The Retail Spy
The poor devils have a rather claustrophobic environment, but then I notice this in many places here in Sydney. The railway gauge might be wider but the space down retail aisles is smaller than WA. As the people are no skinnier than at home, this makes for some pretty squeezy shopping. I saw that the shop here is cursed with an upstairs and a downstairs but presumably the staff do not have to do the constant trips up and down them. I noted wryly that there was no more display space here than at home and things are stacked vertically just to get them in. This lead to some pretty odd conjunctions - the Lastolite reflectors sharing space with audio gear and suchlike.
I was able to see myself in action - a staff member who I recognised as me in another life was taking a customer through the basics of depth of field and I could predict exactly what the next sentences were going to be. To his credit, he coped very well - I hope I do as well.
The pro area was lightly attended but the basic camera section had quite a lot of counter pressure. As the prices were near as dammit the same as we charge, I think this shows that even with the pressure in this town of the major bucket shops, photographers still want face-to-face contact and the reassurance of proper factory warranties when they purchase equipment and I think they need professional advice as well.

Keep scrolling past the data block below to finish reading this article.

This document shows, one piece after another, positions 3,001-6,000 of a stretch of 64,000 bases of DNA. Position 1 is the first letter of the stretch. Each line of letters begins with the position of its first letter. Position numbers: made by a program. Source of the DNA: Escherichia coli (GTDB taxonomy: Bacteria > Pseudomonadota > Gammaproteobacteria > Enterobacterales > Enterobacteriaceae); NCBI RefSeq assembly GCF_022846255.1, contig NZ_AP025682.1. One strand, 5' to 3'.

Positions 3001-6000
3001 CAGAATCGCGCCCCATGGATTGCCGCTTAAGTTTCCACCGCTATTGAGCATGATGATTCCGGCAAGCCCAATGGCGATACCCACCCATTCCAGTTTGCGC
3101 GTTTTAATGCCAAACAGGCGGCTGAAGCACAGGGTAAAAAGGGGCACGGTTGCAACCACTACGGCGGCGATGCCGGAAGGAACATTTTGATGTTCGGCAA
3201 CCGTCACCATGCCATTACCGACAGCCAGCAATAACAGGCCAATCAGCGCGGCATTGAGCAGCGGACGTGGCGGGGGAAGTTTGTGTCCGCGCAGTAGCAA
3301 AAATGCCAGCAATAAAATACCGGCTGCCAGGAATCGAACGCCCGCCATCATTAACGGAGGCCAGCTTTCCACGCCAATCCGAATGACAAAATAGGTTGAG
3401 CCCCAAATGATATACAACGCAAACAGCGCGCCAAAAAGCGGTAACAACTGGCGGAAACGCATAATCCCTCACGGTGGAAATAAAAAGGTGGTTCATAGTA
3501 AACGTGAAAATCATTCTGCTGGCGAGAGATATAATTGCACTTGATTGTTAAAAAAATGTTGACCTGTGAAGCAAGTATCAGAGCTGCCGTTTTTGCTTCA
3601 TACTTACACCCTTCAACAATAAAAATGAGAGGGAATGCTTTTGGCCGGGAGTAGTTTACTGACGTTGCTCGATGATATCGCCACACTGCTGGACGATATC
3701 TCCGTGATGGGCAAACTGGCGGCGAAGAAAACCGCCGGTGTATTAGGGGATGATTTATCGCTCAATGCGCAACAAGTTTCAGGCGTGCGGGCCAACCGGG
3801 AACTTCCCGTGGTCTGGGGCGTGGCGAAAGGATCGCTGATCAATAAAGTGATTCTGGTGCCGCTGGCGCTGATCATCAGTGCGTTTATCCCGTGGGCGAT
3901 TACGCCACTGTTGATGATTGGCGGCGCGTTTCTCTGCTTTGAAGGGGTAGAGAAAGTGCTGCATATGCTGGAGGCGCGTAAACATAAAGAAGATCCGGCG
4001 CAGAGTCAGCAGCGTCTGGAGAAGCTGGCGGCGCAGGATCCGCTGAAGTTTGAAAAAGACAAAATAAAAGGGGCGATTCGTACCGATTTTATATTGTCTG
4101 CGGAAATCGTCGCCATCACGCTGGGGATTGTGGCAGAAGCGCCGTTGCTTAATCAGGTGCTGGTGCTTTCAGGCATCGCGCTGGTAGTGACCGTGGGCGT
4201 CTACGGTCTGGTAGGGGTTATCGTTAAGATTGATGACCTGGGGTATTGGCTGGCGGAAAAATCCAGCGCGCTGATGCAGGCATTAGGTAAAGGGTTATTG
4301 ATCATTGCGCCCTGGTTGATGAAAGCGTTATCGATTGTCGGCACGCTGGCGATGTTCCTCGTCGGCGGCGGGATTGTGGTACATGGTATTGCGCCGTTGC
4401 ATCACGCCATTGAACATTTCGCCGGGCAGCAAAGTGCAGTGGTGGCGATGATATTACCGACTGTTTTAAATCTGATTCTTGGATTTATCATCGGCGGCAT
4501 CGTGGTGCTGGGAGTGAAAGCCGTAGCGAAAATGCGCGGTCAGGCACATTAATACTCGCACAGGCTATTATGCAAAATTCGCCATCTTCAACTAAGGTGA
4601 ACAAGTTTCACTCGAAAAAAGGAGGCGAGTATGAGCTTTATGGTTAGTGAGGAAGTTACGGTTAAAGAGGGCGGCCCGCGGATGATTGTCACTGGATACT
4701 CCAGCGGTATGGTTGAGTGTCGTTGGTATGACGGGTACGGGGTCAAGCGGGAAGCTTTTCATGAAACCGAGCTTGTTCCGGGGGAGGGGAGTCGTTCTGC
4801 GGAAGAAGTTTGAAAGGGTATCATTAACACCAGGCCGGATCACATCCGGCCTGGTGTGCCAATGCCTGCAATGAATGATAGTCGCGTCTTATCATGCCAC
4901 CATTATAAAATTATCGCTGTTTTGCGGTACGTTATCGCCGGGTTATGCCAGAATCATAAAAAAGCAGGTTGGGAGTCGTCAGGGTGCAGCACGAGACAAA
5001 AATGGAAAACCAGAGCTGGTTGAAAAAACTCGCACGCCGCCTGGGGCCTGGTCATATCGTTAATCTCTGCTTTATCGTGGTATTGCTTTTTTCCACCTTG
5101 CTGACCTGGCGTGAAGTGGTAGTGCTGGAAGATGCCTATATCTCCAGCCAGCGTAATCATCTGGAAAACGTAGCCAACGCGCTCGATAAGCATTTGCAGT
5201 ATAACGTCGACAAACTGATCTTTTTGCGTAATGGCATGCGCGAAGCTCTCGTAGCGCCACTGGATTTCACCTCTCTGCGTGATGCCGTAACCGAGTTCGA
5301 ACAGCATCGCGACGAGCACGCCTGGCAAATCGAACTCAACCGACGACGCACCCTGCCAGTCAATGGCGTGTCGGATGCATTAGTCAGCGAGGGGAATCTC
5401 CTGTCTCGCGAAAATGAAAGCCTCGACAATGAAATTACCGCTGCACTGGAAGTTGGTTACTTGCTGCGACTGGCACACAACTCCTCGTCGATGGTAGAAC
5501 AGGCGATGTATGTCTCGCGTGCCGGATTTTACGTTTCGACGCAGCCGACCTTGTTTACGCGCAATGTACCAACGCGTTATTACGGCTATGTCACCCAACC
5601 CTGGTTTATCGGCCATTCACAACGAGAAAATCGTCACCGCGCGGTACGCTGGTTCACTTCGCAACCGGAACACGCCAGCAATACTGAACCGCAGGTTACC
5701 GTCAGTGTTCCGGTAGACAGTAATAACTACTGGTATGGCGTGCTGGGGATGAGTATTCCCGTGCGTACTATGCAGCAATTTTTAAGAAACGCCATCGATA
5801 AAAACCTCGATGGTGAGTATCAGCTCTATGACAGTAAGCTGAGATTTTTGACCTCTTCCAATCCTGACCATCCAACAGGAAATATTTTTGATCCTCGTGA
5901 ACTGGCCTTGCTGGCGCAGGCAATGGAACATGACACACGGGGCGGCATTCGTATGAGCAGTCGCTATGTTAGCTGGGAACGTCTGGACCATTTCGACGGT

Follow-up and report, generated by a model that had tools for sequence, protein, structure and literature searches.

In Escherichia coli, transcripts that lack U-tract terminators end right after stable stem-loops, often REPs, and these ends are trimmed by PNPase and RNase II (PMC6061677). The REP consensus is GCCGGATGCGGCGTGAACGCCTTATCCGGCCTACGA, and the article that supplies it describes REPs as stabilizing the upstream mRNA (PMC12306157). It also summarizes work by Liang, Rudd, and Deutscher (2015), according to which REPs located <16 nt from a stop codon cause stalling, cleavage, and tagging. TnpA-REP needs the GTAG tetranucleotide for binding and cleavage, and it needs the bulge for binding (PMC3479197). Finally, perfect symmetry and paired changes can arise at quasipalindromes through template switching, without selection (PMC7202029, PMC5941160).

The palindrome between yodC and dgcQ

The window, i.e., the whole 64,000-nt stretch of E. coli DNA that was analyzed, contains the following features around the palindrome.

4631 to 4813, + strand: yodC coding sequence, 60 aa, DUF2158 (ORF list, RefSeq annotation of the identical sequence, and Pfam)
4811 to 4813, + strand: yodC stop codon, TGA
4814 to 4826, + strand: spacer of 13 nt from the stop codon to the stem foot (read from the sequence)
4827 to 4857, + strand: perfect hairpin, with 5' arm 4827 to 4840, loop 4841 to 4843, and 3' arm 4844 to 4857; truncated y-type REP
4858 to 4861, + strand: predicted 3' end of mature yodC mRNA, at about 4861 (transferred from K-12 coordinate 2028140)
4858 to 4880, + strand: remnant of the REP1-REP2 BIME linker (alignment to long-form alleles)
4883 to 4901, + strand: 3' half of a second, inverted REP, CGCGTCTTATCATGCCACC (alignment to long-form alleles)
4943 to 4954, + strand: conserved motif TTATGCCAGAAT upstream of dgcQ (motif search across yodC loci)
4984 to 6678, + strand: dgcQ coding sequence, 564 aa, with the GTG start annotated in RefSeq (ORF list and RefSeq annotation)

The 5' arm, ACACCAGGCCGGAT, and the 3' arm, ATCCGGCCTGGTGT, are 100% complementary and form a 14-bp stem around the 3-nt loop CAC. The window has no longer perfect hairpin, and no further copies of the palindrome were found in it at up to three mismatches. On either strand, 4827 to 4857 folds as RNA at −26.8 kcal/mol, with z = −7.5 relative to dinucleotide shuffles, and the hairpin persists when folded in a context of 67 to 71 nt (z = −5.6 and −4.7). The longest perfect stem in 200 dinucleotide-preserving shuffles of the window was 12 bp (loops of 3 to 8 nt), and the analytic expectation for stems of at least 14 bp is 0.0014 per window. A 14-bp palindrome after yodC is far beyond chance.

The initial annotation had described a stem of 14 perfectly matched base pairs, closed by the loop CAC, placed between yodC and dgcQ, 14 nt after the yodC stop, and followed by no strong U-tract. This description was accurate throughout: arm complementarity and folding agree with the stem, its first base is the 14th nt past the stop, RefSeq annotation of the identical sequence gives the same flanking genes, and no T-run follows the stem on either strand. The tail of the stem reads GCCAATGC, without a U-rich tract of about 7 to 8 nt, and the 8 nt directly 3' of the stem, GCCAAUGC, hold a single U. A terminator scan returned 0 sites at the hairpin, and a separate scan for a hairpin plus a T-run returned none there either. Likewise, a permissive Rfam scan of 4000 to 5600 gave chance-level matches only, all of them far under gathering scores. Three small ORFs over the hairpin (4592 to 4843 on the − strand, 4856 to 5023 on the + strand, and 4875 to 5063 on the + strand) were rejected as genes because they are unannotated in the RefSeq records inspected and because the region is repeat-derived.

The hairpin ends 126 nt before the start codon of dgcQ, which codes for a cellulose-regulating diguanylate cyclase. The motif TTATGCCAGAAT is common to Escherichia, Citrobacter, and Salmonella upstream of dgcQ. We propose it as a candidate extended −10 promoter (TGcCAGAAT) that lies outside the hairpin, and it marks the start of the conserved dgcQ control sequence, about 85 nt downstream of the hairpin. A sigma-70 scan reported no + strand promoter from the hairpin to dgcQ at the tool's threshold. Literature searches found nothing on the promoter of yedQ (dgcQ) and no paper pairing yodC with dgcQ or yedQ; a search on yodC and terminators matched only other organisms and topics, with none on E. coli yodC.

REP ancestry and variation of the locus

Did I buy anything? No, but I was polite and kept out of the way. That is the best policy when you are doing industrial espionage, though I do like shinnying down ropes in darkened premises after midnight to secretly photograph the business plans. That and the Aston Martin sports car with the machine guns. I like working for Camera Electronic because you get a lot of opportunities that normally don't show up in retail - next year I hope to have a string of unclad spy girls as well if any of them will answer my advertisement in the paper...
Oh, Hasselblad? No, but someone has left a Fujifilm TK something there in the s/h section that looks remarkably like the Hasselblad Expan cameras. It seems to be made of silver or titanium and has a wooden grip inset into the front of it. Most interesting in a sort of Margaret River achitecture sort of way.